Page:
This post originally appeared at Core 77
News about a bad product experience travels quickly. Maybe it’s because of the fact, according to a white paper “Designing for the User Experience,” that five times as many people will tell a friend about a bad experience than a good one, or that social media makes it easier than ever to share that negative message, but news of design shortcomings and failures spread fast.
If I’m buying a pair of headphones and the sound is good, but they’re not comfortable, they’re too small for my head, they are too foamy… I’m not going to have a good Second Moment of Truth with that,” explains Stuart Karten, Principal and Founder of Karten Design.
The same goes for a bottle of laundry detergent you may have purchased for its swanky packaging: if your clothes don’t come out smelling clean, you probably won’t buy it again. That Second Moment of Truth (SMOT) often relies on the user experience, what happens when a consumer actually uses the product. As more and more of those products move towards the digital space, that experience comes down to a digital interface, the intuitiveness of those interactions and ease of use. Karten elaborates:
In general, there are multiple trends that are happening in the consumer electronics arena. One is that things are becoming rectangular boxes with user interfaces. The “stickiness” and the appeal and the connection are moving into the digital space. That puts a lot of challenge on—not only the overall form factor of the product on that first level—but the second level of that digital engagement”.
There are other challenges as well when it comes to designing high-tech consumer electronics. “With High-Tech, the technology is usually brand new, so this thing that you are designing is actually morphing as you move down the development cycle because, as time is changing, the technology is advancing,” explains Rob Brady, CEO and Design Director at ROBRADY, which focuses on consumer, industrial, marine and medical products.
Both Karten and Brady agree that designing for that second level requires a user-centric approach, spending time with the target audience to anticipate and better meet their needs. For electronics and other high-tech goods, that means understanding the incentives behind why a consumer would want this product and the motivation behind their purchases. “People make a conscious decision that they want a new pair of headphones, a new laptop,” says Karten. “They want it to define who they are and the person they want to be.”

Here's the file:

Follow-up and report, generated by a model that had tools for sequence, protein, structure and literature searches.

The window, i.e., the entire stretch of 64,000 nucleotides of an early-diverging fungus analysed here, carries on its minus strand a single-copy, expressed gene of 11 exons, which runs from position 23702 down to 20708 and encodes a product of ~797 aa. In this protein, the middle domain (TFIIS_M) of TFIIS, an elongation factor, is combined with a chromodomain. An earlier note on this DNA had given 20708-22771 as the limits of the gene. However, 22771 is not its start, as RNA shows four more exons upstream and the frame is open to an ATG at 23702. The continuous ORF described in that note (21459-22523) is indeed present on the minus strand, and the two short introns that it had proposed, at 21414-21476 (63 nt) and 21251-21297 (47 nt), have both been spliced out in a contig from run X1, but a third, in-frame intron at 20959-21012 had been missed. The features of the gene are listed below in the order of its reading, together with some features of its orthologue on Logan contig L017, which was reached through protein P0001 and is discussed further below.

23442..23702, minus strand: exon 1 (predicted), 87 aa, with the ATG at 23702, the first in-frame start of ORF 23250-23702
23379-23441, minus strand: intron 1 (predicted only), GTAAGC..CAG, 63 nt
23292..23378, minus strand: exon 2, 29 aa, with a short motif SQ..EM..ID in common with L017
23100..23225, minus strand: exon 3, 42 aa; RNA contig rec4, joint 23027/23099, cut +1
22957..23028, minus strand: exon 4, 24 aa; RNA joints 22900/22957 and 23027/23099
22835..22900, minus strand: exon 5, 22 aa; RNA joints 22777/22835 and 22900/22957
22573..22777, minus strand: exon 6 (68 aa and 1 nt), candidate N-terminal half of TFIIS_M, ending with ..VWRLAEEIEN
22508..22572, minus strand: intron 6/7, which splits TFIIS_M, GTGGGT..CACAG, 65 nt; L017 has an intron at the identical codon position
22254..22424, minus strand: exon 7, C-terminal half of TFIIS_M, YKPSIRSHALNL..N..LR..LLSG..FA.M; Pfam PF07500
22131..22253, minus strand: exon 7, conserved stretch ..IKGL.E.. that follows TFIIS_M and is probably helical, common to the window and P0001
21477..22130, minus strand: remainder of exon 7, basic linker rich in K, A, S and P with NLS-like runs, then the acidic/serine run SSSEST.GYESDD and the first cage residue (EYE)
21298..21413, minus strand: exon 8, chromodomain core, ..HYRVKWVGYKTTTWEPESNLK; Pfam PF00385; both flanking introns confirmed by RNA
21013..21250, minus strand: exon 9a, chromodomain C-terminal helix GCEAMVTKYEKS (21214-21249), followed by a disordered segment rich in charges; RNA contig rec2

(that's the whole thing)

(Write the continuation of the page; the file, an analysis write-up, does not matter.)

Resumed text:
Designing with a broadly aspirational approach often means putting a series of virtual prototypes in front of focus groups, simulating interaction and providing a realistic rendering that can then be iterated upon before even printing out a physical prototype. Once the limits of virtual prototyping have been reached, focus groups can be brought in and products are placed in their hands. As these products move into the digital space, however, so do those focus groups and companies like Dassault Systèmes are creating solutions that virtually emulate the product development process from coming up with a concept to testing it in a online retail or working setting.
You build a model and you test it. You do an alpha and you test it. You do a beta and you test it. You prototype early and often,” says Brady. “At the end of the day, it’s all about humans interacting with products and designers making these different products approachable and accessible.”
Do not miss the new edition of MADEin3D contest “Cup of IoT”, featuring the theme of Internet of Things! Register to the MadeIn3D community to enter the contest now! Also, you will want to check out our white paper titled “Designing the User Experience”.